Wind Turbine Maintenance: Components, Strategies, and Tools
September 28, 2021
It’s clear the wind energy sector is growing fast, which means many more wind turbines will be built to meet the increasing demand. But aside from getting the turbines built, installed, and fully operational, what are the wind turbine maintenance requirements to keep them all working?
Before we dive into the detail, first, let’s take a look at the basic components of a typical wind turbine.
The image above shows the main sections of a wind turbine
- The Nacelle – houses the gearbox and generator
- Hub –blades are bolted in, pitched and attached to the rotor
- The Turbine Blade – catches the wind to move the rotor
- Onshore Towers – houses computer controls, power cables, built in sections and bolted together
- Offshore Towers – same as onshore, but with more complex foundations
What happens if a wind turbine is poorly maintained?
When wind turbine components fail, they can cause unscheduled stoppages, which for the operator means unscheduled service at higher rates and repair costs, potentially void the manufacturer’s warranty, not meet peak electricity demand, and lost revenue. Also, any repair or replacement of large components often requires the expensive rental of cranes and other equipment. In extreme cases, a wind turbine can catch fire, with disastrous consequences.
What parts of a wind turbine fail the most?
Many studies have looked into the reliability of wind turbine components, and although they rely on data from old turbines, there are some key trends that show where the problem areas.
Source: Algorithmic Technologies
The statistics above on algorithmicatechnologies.com tell us that:
- At least 62.9% of all failure causes are internal engineering related failure modes while the remainder are due to external effects, mostly weather related.
- At least 69.5% of all failure consequences lead to less or no power being produced while the remainder leads to aging in some form.
- About 82.5% of all maintenance activity is hardware related and thus means that a maintenance crew must travel to the plant in order to fix the problem. This is particularly problematic when the power plant is offshore.
- On average, a failure will occur once per year for plants with less than 500 kW, twice per year for plants between 500 and 999 kW and 3.5 times per year for plants with more than 1 MW of power output. The more power producing capacity a plant has, the more often it will fail.
- The age of a plant does not lead to a significantly higher failure rate.
- The more rare the failure mode, the longer the resulting shutdown.
- A failure will, on average, lead to a shutdown lasting about 6 days.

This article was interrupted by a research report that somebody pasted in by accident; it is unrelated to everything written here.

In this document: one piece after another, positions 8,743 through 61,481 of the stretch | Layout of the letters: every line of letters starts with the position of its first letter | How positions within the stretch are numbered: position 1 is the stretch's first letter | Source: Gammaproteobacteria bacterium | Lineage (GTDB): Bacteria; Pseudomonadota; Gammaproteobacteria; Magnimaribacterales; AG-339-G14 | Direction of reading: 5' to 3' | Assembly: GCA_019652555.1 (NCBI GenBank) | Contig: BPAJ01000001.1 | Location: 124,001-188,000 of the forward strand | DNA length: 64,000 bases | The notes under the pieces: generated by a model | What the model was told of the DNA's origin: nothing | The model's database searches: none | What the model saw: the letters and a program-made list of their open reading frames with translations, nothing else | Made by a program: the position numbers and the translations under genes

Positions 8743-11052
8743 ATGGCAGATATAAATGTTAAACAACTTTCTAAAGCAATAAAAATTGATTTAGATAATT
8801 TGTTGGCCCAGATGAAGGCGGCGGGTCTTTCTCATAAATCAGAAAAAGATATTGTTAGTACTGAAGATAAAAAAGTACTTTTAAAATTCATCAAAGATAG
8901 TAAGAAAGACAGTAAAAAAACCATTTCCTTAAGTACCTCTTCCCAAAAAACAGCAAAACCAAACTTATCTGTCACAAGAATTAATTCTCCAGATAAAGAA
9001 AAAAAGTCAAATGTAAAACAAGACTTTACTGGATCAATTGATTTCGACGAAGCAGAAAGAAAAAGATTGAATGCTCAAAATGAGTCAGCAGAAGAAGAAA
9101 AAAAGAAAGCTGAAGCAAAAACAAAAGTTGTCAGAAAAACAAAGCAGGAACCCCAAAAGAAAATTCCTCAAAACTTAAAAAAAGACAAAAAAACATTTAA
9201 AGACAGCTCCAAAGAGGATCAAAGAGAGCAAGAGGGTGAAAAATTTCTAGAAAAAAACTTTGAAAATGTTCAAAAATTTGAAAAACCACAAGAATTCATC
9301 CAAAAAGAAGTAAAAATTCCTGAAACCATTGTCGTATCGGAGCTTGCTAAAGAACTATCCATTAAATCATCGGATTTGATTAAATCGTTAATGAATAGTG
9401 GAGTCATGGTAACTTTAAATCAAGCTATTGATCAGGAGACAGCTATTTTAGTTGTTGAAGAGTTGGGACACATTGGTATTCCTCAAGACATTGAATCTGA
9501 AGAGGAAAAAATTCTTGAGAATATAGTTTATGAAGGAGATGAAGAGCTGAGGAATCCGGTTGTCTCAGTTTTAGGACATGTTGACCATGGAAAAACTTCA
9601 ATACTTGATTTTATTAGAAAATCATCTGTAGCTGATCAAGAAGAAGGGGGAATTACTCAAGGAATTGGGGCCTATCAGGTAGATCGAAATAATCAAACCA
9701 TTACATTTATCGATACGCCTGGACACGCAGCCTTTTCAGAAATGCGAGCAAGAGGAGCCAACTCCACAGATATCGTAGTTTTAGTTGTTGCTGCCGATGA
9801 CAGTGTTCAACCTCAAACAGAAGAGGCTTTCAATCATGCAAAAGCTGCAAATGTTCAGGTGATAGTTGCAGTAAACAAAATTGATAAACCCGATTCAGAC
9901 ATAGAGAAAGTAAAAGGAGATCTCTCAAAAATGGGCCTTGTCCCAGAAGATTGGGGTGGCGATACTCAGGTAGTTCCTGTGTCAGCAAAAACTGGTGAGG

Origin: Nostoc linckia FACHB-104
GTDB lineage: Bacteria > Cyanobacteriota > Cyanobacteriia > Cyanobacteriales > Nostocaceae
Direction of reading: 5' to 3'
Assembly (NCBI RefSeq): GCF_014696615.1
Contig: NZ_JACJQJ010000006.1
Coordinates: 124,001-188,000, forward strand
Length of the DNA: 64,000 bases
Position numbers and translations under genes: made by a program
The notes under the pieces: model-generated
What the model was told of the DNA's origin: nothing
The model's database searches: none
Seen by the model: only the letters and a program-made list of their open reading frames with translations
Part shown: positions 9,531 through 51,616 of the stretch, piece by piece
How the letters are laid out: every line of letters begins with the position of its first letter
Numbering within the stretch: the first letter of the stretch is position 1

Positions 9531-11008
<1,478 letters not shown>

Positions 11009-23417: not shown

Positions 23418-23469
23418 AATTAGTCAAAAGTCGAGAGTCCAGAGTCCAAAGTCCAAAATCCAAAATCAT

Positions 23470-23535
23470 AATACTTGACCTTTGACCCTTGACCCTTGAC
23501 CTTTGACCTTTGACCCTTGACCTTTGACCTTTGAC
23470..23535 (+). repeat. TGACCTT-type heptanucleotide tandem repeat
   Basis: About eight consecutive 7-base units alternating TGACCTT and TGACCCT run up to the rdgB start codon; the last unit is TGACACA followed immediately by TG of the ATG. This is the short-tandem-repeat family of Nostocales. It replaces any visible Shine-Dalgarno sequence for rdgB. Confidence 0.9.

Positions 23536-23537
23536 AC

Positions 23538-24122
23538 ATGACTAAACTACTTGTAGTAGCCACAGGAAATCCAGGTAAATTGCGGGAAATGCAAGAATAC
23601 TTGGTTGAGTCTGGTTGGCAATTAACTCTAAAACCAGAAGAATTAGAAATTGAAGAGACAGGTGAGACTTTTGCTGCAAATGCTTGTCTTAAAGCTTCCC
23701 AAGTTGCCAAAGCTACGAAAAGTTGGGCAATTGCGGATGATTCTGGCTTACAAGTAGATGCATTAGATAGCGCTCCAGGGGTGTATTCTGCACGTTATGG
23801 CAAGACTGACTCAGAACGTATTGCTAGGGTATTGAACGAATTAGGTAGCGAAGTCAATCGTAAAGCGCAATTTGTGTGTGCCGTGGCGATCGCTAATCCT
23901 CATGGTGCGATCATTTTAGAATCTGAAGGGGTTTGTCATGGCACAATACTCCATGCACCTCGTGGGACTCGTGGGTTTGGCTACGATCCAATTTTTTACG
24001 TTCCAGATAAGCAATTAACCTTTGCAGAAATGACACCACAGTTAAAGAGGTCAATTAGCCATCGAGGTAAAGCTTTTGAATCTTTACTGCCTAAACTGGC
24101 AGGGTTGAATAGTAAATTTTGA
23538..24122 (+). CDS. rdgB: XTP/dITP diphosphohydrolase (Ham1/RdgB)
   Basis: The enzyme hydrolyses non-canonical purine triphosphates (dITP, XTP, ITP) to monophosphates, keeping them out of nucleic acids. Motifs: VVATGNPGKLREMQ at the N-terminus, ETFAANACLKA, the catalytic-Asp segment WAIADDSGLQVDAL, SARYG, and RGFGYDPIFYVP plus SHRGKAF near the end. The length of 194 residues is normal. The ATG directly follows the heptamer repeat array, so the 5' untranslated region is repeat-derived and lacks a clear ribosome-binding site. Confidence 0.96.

Wind Turbine Maintenance Strategies
To minimize downtime, and as part of their warranty coverage, wind farm operators adopt both preventative and predictive maintenance. Preventative Maintenance is planned maintenance to prolong the lifespan of assets. It can include adjustments, cleaning, lubrication, repairs, and replacements. Predictive Maintenance is more sophisticated and uses sensors to monitor the condition of the assets.
Maintenance check-ups typically take place a few times a year, with computerized maintenance management system software (CMMS) used to record when each turbine has been serviced. A CMMS will also automatically send notifications when a maintenance check is due.
Predictive maintenance for a wind turbine uses sensors placed on key components. These send valuable data back to the maintenance team to inform of lubrication levels, vibration, temperatures, and foundation displacement.
Examples of Monitoring & Predictive Maintenance
Wind turbine maintenance activities are wide-ranging, with technicians working through extensive checklists. In general, the work carried out will include :
- Inspection of the electrical cabinet, gearbox, generators, yaw system, and brake
- Assessing the blades and blade pitching
- Examining and tightening bolts
- Surveying the tower foundation
- Measuring oil and lubrication levels, sampling, and if necessary, replacing
- Alignment of the drive train
- Evaluating the nacelle
- Checking ventilation, air filters, and shock absorbers
- Repairing cracks and corrosion
- Inspecting bearing and connections
Wind Turbine Bolt Inspection
One of the most important routine maintenance activities is to perform a torque check on the bolts. A wind turbine is assembled using as many as 25,000 bolts. They are used throughout the turbine in the foundations, the tower sections, within the nacelle, and for attaching the blades to the hub.
Maintenance is done by specialist Wind Turbine Technicians, or “Windtechs” as they are known in the industry. A Windtech may work on both the construction and maintenance of wind turbines.
For obvious reasons, experienced wind technicians are in great demand. They work at heights of more than 300ft and do a large amount of work within the nacelle where most of the electronics and moving parts are housed. If you are thinking of a career change, you will need the right qualifications, a head for heights, and be comfortable working in confined spaces.
Useful Tools For Wind Turbine Technicians
There are several different types of hydraulic tools used by wind turbine technicians. These include:
More detail can be found in our article Tools for Wind Turbine Technicians:
Other Related Equipment For Wind Turbine Manufacture and Assembly